- 26 March 2015
Sly & The Family Stone’s 1969 album, Stand!, is among 25 recordings selected this year to be inducted into the Library of Congress’ National Recording Registry.
Under the terms of the National Recording Preservation Act of 2000, the Librarian of Congress each year selects 25 recordings that are “culturally, historically or aesthetically significant” and at least 10 years old.
Stand! (album) — Sly & The Family Stone (1969)
This 1969 album had twin objectives — to urge people to get along despite cultural differences and to encourage people to get out of their chairs and move. The album was propelled by an impossibly smooth horn section, a funky organ and dangerous maneuverings of the guitar and bass. Its key selections — “Sing a Simple Song,” “I Want to Take You Higher,” “Stand!” and “Everyday People” — are instantly recognizable and serve as foundational statements in the music of the late 1960s and as precursors of the ’70s’ soul and funk. Before forming the group in 1967, leader and vocalist Sly Stone had been a fixture of the San Francisco music scene, playing in several bands, deejaying for radio stations KSOL and KDIA and successfully producing Bobby Freeman, The Beau Brummels and The Mojo Men. Having produced the multiracial band’s previous three albums, Stone was amply qualified for this, the group’s fourth studio effort. The resulting record remains one of the most heavily sampled records of all time and was the undisputed high point of this band’s recording legacy.
Read more at The Hollywood Reporter.
- 5 February 2015
At a recent tribute concert in Oakland, Mayor Libby Schaaf officially declared January 24, 2015 as Sly & The Family Stone Day, citing the local band’s positive message. Original band members were on hand to accept the award. Watch the proclamation (presented by Undercover concert promoter Lyz Luke and KPFA's Rickey Vincent), courtesy of KQED Arts.
- 21 October 2014
In 1970, The Family Stone were at the peak of their popularity, but the maestro Sly Stone had already moved his head to a completely different space. The first evidence of Sly’s musical about-turn was revealed by the small catalog of his new label, Stone Flower: a pioneering, peculiar, minimal electro-funk sound that unfolded over just four seven-inch singles. Stone Flower’s releases were credited to their individual artists, but each had Sly’s design and musicianship stamped into the grooves–and the words “Written by Sylvester Stewart/Produced and arranged by Sly Stone” on the sticker.
Set up by Stone’s manager David Kapralik with distribution by Atlantic Records, Stone Flower was, predictably, a family affair: the first release was by Little Sister, fronted by Stone’s little sister Vaetta Stewart. It was short lived too–the imprint folded in 1971–but its influence was longer lasting. The sound Stone formulated while working on Stone Flower’s output would shape the next phase in his own career as a recording artist: it was here he began experimenting with the brand new Maestro Rhythm King drum machine. In conjunction with languid, effected organ and guitar sounds and a distinctly lo-fi soundscape, Sly’s productions for Stone Flower would inform the basis of his masterwork There’s A Riot Goin’ On.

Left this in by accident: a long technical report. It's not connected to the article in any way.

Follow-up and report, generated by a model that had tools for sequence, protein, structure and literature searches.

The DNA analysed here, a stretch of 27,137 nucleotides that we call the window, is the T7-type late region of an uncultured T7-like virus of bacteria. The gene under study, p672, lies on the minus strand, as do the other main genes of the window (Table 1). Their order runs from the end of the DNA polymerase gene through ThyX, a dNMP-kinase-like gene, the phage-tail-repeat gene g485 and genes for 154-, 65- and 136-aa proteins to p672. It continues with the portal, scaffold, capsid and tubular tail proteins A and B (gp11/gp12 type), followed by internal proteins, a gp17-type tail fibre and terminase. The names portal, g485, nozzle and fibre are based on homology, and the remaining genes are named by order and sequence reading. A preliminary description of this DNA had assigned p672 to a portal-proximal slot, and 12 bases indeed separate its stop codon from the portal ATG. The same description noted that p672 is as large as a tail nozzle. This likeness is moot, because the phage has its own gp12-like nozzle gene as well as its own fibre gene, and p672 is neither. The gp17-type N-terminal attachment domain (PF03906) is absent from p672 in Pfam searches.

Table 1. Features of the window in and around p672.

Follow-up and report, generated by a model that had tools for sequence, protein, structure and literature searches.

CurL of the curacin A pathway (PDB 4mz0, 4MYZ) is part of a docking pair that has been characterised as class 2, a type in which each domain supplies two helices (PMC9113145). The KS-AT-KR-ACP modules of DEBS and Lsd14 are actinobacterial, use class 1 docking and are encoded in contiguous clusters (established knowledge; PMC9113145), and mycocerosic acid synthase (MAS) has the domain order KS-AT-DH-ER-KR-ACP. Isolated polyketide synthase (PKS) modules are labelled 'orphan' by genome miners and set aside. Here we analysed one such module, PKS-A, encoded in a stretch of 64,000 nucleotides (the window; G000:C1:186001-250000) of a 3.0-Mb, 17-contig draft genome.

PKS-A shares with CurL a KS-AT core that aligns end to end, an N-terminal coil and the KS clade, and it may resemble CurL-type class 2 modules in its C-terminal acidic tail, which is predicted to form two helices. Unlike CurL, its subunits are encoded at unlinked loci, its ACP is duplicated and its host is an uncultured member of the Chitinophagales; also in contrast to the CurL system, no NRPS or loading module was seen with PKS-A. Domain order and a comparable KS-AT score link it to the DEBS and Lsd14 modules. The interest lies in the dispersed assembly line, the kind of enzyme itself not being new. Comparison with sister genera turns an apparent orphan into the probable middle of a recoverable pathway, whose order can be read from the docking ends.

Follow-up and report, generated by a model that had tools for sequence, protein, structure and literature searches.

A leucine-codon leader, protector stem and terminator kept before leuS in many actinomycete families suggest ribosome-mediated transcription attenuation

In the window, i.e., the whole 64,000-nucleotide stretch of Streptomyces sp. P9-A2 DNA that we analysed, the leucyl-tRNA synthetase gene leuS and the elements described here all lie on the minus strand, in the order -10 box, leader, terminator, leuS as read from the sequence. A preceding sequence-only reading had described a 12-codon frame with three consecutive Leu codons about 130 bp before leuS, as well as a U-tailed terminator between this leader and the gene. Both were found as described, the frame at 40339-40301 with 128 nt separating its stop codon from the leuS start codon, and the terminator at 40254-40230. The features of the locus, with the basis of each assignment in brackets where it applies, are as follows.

The first 45 came in February 1970: Little Sister’s dancefloor-ready “You’re The One” hit Number 22 in the charts–the label’s highest showing. The follow-up, “Stanga," also by Little Sister, made the wah pedal the star. The third release came from 6IX, a six-piece multi-racial rock group whose sole release, a super-slow version of The Family Stone’s “Dynamite," featured only the lead singer and harmonica player from the group. Joe Hicks was the final Stone Flower stablemate; his pulsing, electronic "Life And Death In G&A” is one of the bleakest moments Sly Stone ever created on disc (Hicks’ prior single for Scepter, “Home Sweet Home,” the first released Stone Flower production, is also included).
This compilation of Sly’s Stone Flower era gathers each side of the five 45s plus ten previously unissued cuts from the label archives, all newly remastered from the original tapes. In these grooves you’ll find the missing link between the rocky, soulful Sly Stone of Stand! and the dark, drum machine-punctuated, overdubbed sound of There’s A Riot Going On. I’m Just Like You: Sly’s Stone Flower 1969-70 opens up the mysteries of an obscure but monumental phase in Stone’s career.
1. Little Sister - You're the One (Parts 1 & 2)
2. Sly Stone - Just Like a Baby
3. Joe Hicks - Home Sweet Home (Part 2)
4. 6IX - I'm Just Like You
5. Little Sister - Somebody's Watching You (Full Band Version)
6. Joe Hicks - Life & Death in G & A
7. 6IX - Trying to Make You Feel Good
8. Little Sister - Stanga
9. 6IX - Dynamite
10. Little Sister - You're the One (Early Version)
11. Sly Stone - Africa
12. Joe Hicks - I'm Goin' Home (Part 1)
13. Little Sister - Somebody's Watching You
14. 6IX - You Can, We Can
15. Sly Stone - Spirit
16. 6IX - I'm Just Like You (Full Band Version)
17. Sly Stone - Scared
18. 6IX - Dynamite (Alternate Version)
Rolling Stone review: 3 1/2 stars
- 3 July 2014
Sly & The Family Stone's "If You Want Me To Stay" is one of the songs featured in the new movie, Tammy, starring Melissa McCarthy in theaters now. Can't wait to hear it in the movie? Get the song now at iTunes!